My Bulb Planter
I’m in love with my bulb planter. I never thought I needed one because I tend to plant bulbs in masses. I find it so much easier to dig a large hole than lots of small ones. However, in my established garden, a bulb planter is indispensable. I began using it to cut plugs of ground covers to start new beds or to use in my containers. Now, when I pull out a plug of ground cover, I drop in one or two bulbs!
This way I have fabulous daffodils, tulips and my favorite snow drops (Galanthus) growing in beds of vinca, sweet woodruff and barren strawberry. As the bulb foliage begins looking tatty and yellowed, it’s easy to tuck away under the ground cover. I don’t have to go back and cut the foliage. It simply disintegrates (adding organic matter to the bed, I might add).
Plant Bulbs in with Perennials
I also use the bulb planter to set bulbs in beds of perennials. Although it may slice through some of the roots of the plants in place, it doesn’t seem to harm the plants. I remove a plug of soil close to the perennial and drop bulbs in the holes. When I do my perennial planting in early fall, I make it a habit to make the hole bigger and add bulbs around the edges of the perennial. It’s fairly easy to add ten to twenty bulbs next to each new perennial.
Hide bulb foliage
The bulbs bloom as the perennial foliage emerges, which makes a lovely canvas for bulb blossoms. As the bulbs fade, the perennials take over. It’s pretty hard to keep from yanking ugly fading bulb foliage when it is spoiling the look of a bed. But, if the foliage is hidden by perennials coming up around it, we can leave it in place to replenish the bulbs.
Cover bulb foliage with annuals
Spring planted annuals also make lovely way disguise for fading bulb. Again, use a bulb planter to make holes between the blooming bulbs to drop annuals into. Voila! As the bulbs fade, the annuals are in place to hide the foliage.
It’s time to plant!
Garden centers are now filled with bulbs, and catalogs seem to arrive almost daily. Although tulips and daffodils are the queens of the bulb garden, how about considering adding some smaller bulbs to round out your display?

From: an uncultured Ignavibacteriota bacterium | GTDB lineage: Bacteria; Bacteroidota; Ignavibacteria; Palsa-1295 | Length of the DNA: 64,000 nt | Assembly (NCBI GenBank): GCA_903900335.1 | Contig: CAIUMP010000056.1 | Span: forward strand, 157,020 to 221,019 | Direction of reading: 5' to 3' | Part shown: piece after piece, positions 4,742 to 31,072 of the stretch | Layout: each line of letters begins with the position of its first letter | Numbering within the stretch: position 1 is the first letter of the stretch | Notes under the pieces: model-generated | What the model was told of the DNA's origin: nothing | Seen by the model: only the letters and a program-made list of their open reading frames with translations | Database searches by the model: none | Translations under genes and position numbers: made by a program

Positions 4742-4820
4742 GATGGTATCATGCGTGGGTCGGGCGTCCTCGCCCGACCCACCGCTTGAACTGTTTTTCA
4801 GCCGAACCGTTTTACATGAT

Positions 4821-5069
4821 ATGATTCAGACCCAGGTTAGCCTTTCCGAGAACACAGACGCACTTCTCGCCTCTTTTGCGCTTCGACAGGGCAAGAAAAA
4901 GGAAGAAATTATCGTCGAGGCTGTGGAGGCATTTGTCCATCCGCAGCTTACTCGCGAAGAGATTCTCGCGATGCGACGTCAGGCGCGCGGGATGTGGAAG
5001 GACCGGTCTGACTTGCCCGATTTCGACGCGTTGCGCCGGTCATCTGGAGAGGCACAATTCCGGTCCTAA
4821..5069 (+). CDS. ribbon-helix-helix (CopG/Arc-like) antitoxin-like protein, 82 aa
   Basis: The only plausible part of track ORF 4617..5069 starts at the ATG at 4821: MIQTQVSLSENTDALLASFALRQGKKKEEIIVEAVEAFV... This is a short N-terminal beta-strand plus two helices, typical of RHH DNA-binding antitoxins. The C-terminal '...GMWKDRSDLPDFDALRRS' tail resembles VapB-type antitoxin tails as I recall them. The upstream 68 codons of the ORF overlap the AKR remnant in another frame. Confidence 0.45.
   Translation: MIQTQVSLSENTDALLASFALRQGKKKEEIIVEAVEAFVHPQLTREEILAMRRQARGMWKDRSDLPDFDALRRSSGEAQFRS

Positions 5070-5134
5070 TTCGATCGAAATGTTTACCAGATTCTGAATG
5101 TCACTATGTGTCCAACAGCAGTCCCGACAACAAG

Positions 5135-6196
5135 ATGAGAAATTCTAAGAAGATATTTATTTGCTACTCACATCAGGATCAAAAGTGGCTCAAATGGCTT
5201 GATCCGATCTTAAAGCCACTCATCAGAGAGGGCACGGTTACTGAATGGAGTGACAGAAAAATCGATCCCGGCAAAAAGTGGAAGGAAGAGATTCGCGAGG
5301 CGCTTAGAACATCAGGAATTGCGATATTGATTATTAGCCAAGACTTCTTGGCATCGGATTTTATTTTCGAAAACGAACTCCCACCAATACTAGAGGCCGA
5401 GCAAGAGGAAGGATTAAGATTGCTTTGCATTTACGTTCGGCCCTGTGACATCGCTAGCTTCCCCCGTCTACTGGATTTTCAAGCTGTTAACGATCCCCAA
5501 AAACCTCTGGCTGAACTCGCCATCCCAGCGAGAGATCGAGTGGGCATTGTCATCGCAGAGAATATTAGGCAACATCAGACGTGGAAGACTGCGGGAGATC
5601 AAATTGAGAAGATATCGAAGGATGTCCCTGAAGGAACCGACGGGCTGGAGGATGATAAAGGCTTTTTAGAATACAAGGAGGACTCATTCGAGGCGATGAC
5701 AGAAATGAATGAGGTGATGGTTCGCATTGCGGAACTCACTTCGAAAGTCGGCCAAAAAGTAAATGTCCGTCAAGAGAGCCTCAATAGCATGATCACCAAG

Try small bulbs to enhance your garden
Winter aconites and snowdrops start the display in February and March. There’s nothing to make the spirits soar quite like fresh green and white snowdrops in the snow.
Smaller bulbs like dwarf iris, hardy cyclamen, and chionodoxa add color March through June. Botanical tulips, smaller and shorter than traditional Darwin hybrids, come up extra early. Their great advantage is that they do not exhaust themselves after one or two years as hybrid tulips tend to do.
Site bulbs correctly
Bulbs need plenty of sun and well-drained soil to produce healthy blooms. Although most bulbs perform best in full sun, you can plant early bulbs under deciduous trees. Grape hyacinth, small tulips, small daffodils and winter snowflakes will get the sun they need to replenish the bulb while the trees have no leaves. By the time the trees leaf out, the bulbs will be on their way to dormancy.
Author: Kate Jerome
I am an avid home gardener and cook, free-lance writer, cooking and gardening blogger and teacher. I love sharing ideas and techniques of simplicity in the garden and kitchen. I have a formal background (M.S. degree) in ornamental trees and shrubs, but my true love is vegetable and herb gardening with a few perennials thrown in for good measure. I have spent my career as the director of an urban farm and horticulture instructor at a technical college, a garden columnist for several newspapers and gardening magazines, a book author, and guest horticulturist on public radio call-in shows.